On the night of October 3, 2015 A U.S. AC-130 gunship attacked a hospital in the Afghan city of Kunduz, run by the humanitarian organization Médecins Sans Frontières/Doctors Without Borders.
And despite frantic calls from MSF doctors kept up its attack for half an hour.
Forty two staff members and patients were killed, many of them burned to death in their beds.
But today the Pentagon released a report claiming that murderous assault was not a war crime.
A US air strike that destroyed a medical charity's clinic in northern Afghanistan, killing 42 people, was not a war crime, the Pentagon has said. Confirming disciplinary charges against 16 US service personnel, General Joseph Votel said the "tragic strike" was due to human and technical errors.
So no-one will face criminal charges, even though MSF had provided the U.S. military with the hospital's GPS location, and this is no excuse.
"The investigation found that the incident resulted from a combination of human errors, process errors and equipment failures and that none of the personnel knew they were striking a hospital," he said. He added: "The fact this was unintentional takes it out of the realm of being a deliberate war crime."
And as MSF is demanding, we do need an independent investigation.
"Today's briefing amounts to an admission of an uncontrolled military operation in a densely populated urban area, during which US forces failed to follow the basic laws of war," said MSF President Meinie Nicolai. The charity repeated a call for an independent investigation into the incident.
If you have the time, you should read this long and detailed story on what happened on the night that death rained down from the sky.
The picture that emerges from these firsthand accounts, as well as from interviews with several high-ranking Afghan officials, is one of remarkable chaos and uncertainty, even by the standards of war. Those on the ground said it was not clear who was in charge, and those in charge seemed not to have had a clear understanding of what was happening on the ground at any given point before, during, and after the fall of the city.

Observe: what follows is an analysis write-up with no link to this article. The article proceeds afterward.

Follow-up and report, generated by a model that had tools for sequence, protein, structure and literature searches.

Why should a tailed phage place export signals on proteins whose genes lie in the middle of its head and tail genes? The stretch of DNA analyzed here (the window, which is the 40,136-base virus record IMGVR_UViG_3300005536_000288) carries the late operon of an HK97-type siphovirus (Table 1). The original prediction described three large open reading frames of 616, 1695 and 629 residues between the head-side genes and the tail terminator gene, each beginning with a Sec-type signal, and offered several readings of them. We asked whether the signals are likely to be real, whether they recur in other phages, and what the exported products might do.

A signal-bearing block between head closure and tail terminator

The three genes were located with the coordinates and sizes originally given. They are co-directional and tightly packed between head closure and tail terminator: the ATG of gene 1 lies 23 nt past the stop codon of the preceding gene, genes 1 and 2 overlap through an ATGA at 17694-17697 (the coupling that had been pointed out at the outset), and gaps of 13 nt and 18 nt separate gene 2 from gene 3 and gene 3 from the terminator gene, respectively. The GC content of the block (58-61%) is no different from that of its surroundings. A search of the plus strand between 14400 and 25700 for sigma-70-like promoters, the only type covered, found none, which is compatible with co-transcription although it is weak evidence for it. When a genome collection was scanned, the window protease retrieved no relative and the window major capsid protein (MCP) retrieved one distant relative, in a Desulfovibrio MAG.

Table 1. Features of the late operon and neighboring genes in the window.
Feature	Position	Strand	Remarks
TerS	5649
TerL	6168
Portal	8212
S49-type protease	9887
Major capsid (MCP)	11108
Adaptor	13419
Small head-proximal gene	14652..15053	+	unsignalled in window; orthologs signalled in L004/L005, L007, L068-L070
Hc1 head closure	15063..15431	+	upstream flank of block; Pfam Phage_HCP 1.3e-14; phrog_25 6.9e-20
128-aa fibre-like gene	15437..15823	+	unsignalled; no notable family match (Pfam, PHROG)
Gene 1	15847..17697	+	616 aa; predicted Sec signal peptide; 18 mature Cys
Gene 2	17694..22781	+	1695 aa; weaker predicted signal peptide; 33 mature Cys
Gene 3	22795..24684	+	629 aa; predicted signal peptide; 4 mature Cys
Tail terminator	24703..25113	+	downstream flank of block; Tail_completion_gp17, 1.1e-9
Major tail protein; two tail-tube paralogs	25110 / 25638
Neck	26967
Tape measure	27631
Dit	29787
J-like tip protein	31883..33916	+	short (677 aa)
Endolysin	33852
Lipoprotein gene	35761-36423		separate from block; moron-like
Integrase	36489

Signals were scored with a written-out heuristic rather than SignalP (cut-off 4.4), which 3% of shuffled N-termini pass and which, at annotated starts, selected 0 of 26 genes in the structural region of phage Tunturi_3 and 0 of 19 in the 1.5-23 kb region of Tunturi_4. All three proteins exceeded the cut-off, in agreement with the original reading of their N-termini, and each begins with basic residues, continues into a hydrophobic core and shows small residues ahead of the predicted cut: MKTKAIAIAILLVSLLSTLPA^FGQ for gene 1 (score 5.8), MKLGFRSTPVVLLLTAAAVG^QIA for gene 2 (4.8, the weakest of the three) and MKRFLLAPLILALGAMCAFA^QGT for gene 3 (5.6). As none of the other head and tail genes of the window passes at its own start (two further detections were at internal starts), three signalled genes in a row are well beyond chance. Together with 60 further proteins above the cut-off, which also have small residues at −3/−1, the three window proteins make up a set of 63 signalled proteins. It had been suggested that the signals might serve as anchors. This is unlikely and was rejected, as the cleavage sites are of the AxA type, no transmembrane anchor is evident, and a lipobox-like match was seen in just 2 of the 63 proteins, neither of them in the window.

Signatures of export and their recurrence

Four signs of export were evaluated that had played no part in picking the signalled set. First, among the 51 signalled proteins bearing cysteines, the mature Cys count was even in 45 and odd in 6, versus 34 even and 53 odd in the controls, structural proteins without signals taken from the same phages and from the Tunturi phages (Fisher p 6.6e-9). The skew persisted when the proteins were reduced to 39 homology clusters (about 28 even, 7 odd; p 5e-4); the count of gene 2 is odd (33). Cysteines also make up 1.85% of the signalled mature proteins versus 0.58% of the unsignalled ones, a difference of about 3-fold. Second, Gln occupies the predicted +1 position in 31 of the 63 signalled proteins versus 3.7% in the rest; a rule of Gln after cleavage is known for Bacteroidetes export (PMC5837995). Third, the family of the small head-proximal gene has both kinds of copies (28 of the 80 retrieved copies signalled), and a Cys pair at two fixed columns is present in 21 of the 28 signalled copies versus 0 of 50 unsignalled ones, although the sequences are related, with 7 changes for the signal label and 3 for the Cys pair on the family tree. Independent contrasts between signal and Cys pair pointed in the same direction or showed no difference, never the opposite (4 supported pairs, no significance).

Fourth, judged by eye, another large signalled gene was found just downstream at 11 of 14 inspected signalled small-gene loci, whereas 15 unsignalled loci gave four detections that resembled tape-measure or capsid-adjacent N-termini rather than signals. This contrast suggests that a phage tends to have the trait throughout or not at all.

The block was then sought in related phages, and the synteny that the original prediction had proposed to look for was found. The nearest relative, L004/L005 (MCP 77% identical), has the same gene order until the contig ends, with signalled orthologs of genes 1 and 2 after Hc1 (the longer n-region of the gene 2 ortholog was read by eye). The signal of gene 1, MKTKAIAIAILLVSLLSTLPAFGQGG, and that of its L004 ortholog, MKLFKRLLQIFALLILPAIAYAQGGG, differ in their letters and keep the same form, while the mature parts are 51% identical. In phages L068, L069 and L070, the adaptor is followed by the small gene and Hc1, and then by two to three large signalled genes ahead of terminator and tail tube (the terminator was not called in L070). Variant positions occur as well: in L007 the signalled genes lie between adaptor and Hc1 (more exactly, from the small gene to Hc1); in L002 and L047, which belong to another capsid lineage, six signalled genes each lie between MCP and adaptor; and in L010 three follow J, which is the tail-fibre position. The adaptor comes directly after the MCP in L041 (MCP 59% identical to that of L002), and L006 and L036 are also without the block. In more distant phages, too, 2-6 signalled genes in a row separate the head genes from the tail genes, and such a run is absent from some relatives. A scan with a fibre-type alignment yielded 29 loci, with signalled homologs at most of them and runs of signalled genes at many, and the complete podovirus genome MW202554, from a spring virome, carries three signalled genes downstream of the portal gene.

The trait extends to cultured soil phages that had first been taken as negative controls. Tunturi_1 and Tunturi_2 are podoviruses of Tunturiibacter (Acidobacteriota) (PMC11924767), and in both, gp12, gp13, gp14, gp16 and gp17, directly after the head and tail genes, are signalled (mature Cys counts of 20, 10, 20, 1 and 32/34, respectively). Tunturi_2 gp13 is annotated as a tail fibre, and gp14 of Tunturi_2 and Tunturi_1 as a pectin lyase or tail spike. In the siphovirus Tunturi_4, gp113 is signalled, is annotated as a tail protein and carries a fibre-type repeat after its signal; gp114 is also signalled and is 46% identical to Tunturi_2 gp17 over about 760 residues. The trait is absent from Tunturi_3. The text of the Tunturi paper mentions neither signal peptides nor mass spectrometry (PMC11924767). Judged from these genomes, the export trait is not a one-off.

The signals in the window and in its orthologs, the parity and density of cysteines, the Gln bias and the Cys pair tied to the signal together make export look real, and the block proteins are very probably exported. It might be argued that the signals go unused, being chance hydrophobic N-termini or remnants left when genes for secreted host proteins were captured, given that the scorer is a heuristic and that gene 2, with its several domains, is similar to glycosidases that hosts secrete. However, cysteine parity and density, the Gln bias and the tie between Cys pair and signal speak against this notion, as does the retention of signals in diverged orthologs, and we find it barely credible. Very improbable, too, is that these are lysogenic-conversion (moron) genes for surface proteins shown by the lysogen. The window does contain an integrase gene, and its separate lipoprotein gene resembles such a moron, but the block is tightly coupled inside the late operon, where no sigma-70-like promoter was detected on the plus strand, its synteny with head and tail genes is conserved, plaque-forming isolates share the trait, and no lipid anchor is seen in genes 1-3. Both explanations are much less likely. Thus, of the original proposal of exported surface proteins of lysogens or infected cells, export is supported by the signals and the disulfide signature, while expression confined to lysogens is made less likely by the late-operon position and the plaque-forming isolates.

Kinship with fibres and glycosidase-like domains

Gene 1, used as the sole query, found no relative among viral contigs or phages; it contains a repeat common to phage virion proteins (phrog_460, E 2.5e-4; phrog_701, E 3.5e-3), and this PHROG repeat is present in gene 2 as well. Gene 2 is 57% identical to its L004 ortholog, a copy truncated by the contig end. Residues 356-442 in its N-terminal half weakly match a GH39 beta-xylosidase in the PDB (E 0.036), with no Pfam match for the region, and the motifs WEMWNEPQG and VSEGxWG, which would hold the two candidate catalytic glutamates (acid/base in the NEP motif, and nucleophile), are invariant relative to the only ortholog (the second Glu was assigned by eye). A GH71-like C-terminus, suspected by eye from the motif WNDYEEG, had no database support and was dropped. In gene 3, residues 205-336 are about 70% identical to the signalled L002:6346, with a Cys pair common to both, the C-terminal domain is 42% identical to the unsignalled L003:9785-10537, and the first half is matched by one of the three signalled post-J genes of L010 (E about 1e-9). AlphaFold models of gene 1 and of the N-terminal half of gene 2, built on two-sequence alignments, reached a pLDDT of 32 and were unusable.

For in addition to revealing a picture of mass confusion and incredible incompetence, it also makes it only too clear that the Afghan army that we helped train does not respect the Geneva Convention.
The general sense among the Afghan forces was that the war was going nowhere good. In a losing battle, all becomes fair, including the bombing of a hospital that many had come to believe was harboring insurgents.
And what's also clear is that the bombing of hospitals is becoming a deadly trend. With this Canadian supported clinic in Syria being the latest to be targeted.
The Canadian branch of a medical non-profit reports that one of its clinics in Aleppo, Syria, has been destroyed, and is pointing the finger at airstrikes by Russian and regime forces.
And although thank goodness nobody was killed or injured because the clinic was closed, the results are still catastrophic.
UOSSM-Canada says that 1,400 people, mostly women and children, have now lost access to medical care as a result of the clinic's destruction.
And what is also clear is that these murderous attacks on hospitals have to stop.
Plz stand with us; ask @UN Security Council #UNSC to reaffirm that hospitals are #NotATarget https://t.co/7VuHbcENng pic.twitter.com/1iloFZnI2t— MSF Canada (@MSF_canada) April 28, 2016
So please help spread this message:
Hospitals, doctors, and patients are not a target.
Attacks on them cannot be justified.
And are always a war crime...
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